Student kidnapped and killed by past offender
MOMENTS before she vanished, 20-year-old Sierah Joughin had been enjoying an early evening bike ride down a rural road towards her home in Metamora, Ohio.
The student was cycling beside her boyfriend of seven years, Josh Kolasinski, who took pictures of his smiling girlfriend before the pair parted ways.
It was around 6.45pm on 19 July 2016 when Josh kissed her goodbye and watched her cycle off, reports The Sun.
But Sierah never reached her home.
Her mum, Shiela, was immediately worried when her daughter failed to turn up and contacted the police.
A massive search effort involving police and community members was launched. Hundreds scoured the area looking for the young University of Toledo student.
Sierah's bike was found abandoned in a cornfield, but there were no signs of the missing girl - only other items that didn't belong to her including male sunglasses, a screwdriver and a fuse box.
A passing driver spotted a motorcycle helmet and took it to police.
The helmet had Sierah's blood on it, as well as DNA belonging to a man who lived just a mile away from the scene.
Disturbingly, the man was 57-year-old James Worley, a convicted kidnapper who had done jail time for violently abducting a woman on a bike in 1990.
Worley lived on a farm near Delta Ohio which was surrounded by field of corn.
His horrific secret past was too much for police to ignore.
In 1990 he went to prison for abducting Robin Gardner, then 26.
She had been cycling along a country road just 20 miles from where Sierah went missing.
Worley rammed her off her bike with his truck, sending Robin hurtling into a ditch.
He stopped, pretending to offer help, before hitting her over the head and dragging her into his truck.
Robin began screaming as Worley pulled handcuffs from his glovebox.
She managed to jump out of the truck and was rescued by a motorcyclist who had noticed her distress.
After the trial, the attacker got away with serving just three years of a four-to-10-year sentence.
Following Sierah's disappearance, Police raided Worley's properties, discovering a makeshift dungeon hidden in a secret room behind hay bales.
They also found a freezer lined with carpet that had blood inside, women's underwear, handcuffs, rope and tape.
Most significantly, some items including a mattress and paper towels had Sierah's DNA on them.
Among the mountains of evidence against him, it was revealed Worley's phone had been in the spot where Sierah's bike was found for two hours the day she went missing.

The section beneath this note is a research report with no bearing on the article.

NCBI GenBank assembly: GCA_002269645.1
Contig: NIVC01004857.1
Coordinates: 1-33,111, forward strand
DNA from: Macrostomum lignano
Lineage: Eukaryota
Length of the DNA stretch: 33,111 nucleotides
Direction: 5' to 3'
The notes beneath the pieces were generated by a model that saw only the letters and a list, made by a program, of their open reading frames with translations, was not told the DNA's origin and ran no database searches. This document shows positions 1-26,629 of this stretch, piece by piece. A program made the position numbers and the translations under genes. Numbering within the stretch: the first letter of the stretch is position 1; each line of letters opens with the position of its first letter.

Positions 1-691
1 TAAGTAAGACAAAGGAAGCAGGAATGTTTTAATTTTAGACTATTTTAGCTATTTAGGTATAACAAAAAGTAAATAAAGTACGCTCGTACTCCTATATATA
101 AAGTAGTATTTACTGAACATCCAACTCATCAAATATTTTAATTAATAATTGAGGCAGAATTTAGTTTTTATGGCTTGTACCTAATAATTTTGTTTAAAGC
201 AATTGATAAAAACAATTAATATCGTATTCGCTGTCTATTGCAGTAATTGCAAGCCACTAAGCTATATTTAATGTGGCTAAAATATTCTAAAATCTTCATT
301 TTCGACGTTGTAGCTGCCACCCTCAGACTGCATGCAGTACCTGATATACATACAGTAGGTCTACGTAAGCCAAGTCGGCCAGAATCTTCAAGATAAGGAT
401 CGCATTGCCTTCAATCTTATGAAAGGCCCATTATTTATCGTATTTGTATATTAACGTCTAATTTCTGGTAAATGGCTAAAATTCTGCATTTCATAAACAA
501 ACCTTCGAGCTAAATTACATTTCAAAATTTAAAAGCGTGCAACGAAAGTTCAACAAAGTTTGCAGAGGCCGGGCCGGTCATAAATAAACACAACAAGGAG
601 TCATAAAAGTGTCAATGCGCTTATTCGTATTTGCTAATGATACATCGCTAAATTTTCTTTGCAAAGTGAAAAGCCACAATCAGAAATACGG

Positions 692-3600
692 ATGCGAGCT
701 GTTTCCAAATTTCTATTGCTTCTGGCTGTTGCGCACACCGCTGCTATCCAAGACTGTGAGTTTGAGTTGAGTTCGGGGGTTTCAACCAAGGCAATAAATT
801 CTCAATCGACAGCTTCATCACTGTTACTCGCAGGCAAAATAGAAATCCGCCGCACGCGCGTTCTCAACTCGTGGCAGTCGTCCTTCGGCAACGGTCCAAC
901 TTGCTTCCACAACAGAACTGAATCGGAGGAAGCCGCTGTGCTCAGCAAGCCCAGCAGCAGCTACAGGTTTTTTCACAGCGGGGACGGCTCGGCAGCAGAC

He also had marks on his arms and legs and in the weeks before the attack had searched for pornography using the words "hitchhiker, helpless, gag, rape, hogtied".
On 22 July, three days after she disappeared, a search party found Sierah's body burning in a freshly dug grave in a cornfield.
Her wrists were handcuffed and bound to her taped ankles with rope. She died of asphyxiation over several minutes after a large plastic bag was placed around her head, an autopsy revealed.
There was no evidence of sexual assault.
Worley was charged with murder and abduction and pleaded not guilty to all charges.
But in April this year, as the trial came to end, the twisted killer was found guilty of all charges, including murder, abduction and abuse of a corpse.
During the sentencing he ranted for 45 minutes claiming he wasn't the killer and that he had been framed.
In one sick moment, he turned to the victim's family and said: "Her loss is a substantial blow to everyone".
Family members later walked out of the courtroom when Worley refereed to Sierah as a "beautiful girl".
Worley was sentenced to death by the judge who rubbished his claim to innocence.
The judge said: "If I thought there was a snowball's chance in hell that you were innocent you would be looking at life."
Sierah's family and boyfriend spoke of their heartbreak and torment at the loss of their "beautiful" loved one who "lifted up the room" when she was alive.
"The pain is excruciating and the depth of emptiness we feel is unexplainable," Sierah's aunt, Tara Ice, said. "However, I want him to know this; it may seem that he has broken us, but we as a family are stronger than he thinks and because we were lucky enough to have had Sierah's love, we're unbreakable."
Sierah's mum, Sheila, told how she started campaigning for 'Sierah's Law', which would establish a register for violent offenders.
She said: "I'll continually ask why? Why her, why didn't she get away, why didn't we find her sooner, why? For me, the death penalty is what he deserves," she said.
"Sierah's life was worth far more than the 20 years she was able to live. She has inspired people she did not know, and I can only wonder what great things she would have accomplished if she was still alive, but in her death I know she's moving mountains."
This story was originally published on The Sun and was reproduced with permission.